We’re always told to read the fine print. That may be even more of a challenge as the writing size gets down to the sub-100-nm scale. A team led by Horacio D. Espinosa at Northwestern University in Evanston, Ill., has created a nanoscale chip that operates like a fountain pen for use with chemical and biomolecular inks.
The Nanofountain Probe, mounted on an atomic force microscope, uses capillary feeding from a built-in reservoir to create a continuous ink flow. The researchers report writing features as small as 40 nm wide.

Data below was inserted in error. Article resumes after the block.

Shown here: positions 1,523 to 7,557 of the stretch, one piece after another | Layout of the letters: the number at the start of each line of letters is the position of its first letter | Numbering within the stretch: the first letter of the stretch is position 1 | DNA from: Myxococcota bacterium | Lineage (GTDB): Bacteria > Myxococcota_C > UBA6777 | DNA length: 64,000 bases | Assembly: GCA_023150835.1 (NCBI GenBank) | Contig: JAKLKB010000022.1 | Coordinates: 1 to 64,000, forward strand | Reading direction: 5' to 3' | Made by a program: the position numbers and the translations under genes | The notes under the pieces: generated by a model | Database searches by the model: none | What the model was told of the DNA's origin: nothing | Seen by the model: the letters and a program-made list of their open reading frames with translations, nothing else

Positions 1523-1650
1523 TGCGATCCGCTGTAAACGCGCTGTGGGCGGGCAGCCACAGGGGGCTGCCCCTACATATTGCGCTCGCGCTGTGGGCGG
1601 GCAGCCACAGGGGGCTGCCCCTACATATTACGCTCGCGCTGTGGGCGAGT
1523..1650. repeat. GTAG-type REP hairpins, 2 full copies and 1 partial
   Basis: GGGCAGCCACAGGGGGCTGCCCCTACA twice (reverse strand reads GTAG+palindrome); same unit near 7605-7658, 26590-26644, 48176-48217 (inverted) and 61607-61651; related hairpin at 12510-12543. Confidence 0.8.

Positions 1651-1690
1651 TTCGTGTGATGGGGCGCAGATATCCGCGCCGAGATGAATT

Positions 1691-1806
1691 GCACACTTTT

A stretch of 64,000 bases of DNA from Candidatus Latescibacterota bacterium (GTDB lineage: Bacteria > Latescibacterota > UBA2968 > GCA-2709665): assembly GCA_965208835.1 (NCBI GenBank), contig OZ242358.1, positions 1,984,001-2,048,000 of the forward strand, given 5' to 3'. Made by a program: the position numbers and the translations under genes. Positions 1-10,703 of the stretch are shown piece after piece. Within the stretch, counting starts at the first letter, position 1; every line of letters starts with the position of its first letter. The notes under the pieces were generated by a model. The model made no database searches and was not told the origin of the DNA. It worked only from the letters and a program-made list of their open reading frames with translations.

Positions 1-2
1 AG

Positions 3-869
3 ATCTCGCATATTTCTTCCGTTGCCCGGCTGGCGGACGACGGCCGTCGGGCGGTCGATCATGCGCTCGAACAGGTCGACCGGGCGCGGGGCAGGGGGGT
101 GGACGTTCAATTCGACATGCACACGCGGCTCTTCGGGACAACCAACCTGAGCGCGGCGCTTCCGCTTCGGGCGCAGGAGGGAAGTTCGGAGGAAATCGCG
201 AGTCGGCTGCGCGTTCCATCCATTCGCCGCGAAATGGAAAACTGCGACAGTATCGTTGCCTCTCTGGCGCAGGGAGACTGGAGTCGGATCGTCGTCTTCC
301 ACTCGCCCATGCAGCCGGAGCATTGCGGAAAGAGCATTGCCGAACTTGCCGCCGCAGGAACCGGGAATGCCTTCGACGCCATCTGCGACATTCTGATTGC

The technology, made through standard microfabrication techniques, should provide a practical way to create parallel arrays of probes for high-throughput patterning with multiple inks. This could lead to applications in biotechnology, pharmaceuticals and nano-sensors.
It also could put quite a strain on our bifocals.
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